Hillary Clinton defended her use of a private email server for State Department correspondence, saying she used a system set up for her husband because it was convenient and “proved to be effective and secure.”
Addressing concerns about her emails publicly for the first time
on Tuesday, Clinton told a packed room of reporters at the United
Nations that she regrets conducting State Department business
from a personal email account, but welcomes the imminent
disclosure of the correspondence in question.
“When I got to work as secretary of state, I opted for
convenience to use my personal email account, which was allowed
by the State Department, because I thought it would be easier to
carry just one device for my work and for my persona
emails,” she said.
“Looking back it probably would have been smarter to use two
devices,” she added.
A scandal has erupted in recent days after it was revealed that
Clinton, while serving as secretary of state under Pres. Barack
Obama, conducted government business from a personal account that
was operated from servers registered to her family home in New
York state and first administered on behalf of her husband,
former President Bill Clinton.
The use of the previously secretive email account has since
raised questions from critics of Clinton about any correspondence
that may have been destroyed before being provided to the United
States government, per the Federal Records Act, as well as
security measures that may have protected those messages from
hackers, state-sponsored or otherwise.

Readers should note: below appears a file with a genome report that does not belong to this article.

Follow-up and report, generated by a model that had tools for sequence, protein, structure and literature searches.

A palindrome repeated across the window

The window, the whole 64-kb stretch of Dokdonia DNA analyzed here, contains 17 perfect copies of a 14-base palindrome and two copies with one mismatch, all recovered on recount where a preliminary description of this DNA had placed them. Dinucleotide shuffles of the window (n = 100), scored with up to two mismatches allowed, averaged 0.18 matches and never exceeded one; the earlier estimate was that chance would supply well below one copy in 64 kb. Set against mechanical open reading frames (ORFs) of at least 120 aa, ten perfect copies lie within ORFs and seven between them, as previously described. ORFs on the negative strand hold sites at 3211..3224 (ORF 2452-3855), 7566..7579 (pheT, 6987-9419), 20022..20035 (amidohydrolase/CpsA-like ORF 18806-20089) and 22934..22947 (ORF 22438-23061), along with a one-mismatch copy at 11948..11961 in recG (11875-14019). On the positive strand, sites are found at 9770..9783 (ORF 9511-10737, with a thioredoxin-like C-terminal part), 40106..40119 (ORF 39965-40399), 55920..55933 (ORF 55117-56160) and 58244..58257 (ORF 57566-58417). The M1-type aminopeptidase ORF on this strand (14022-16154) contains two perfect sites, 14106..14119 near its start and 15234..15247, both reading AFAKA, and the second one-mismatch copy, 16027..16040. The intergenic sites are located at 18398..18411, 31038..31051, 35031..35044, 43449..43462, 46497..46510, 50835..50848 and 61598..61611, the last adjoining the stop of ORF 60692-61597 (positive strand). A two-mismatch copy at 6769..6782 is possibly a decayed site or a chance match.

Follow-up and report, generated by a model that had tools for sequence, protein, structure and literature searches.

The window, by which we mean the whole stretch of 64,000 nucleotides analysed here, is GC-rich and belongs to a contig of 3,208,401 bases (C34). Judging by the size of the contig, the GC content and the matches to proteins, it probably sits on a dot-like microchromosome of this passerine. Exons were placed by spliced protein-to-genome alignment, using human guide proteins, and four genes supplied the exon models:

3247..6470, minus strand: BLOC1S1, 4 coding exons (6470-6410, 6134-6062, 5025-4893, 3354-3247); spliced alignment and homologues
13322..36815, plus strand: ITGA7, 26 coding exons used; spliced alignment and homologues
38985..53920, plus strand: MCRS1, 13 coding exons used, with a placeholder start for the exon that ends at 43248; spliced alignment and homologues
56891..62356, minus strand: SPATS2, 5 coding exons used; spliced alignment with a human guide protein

“The system we used was set up for Pres. Clinton’s office and
it had numerous safeguards,” Clinton said on Tuesday.
“It was on property, guarded by the Secret Service and there
were no security breaches. So I think that the use of that server
which started with my husband certainly proved to be effective
All work-related emails from the account that were not personal
in nature have been handed off to the government to be published,
Clinton said, but private correspondence – messages about her
yoga routine, family vacations and “the other things you
typically find in inboxes” – have since been purged.
Around half of the 60,000 or so messages sent and received by
Clinton through the Clintonemail.com address were “not in any way
related” to official business, she said, but a subsequent search
uncovered roughly 55,000 printed pages worth of correspondence
that “could have possibly been work related.” But
Clinton said that because those emails were mostly sent to other
government officials, she ”knew that the State Department already
had the vast majority of them.”
“It is the government employee’s responsibility to determine
what is personal and what is work related,” Clinton said.
“I am very confident of the process that we conducted and the
emails that were produced, and I feel like once the American
public begins to see the emails they will have an unprecedented
insight into a high government official’s daily
According to Clinton, no classified materials were sent through
her personal account. She expects the trove will become publicly
accessible in the near future.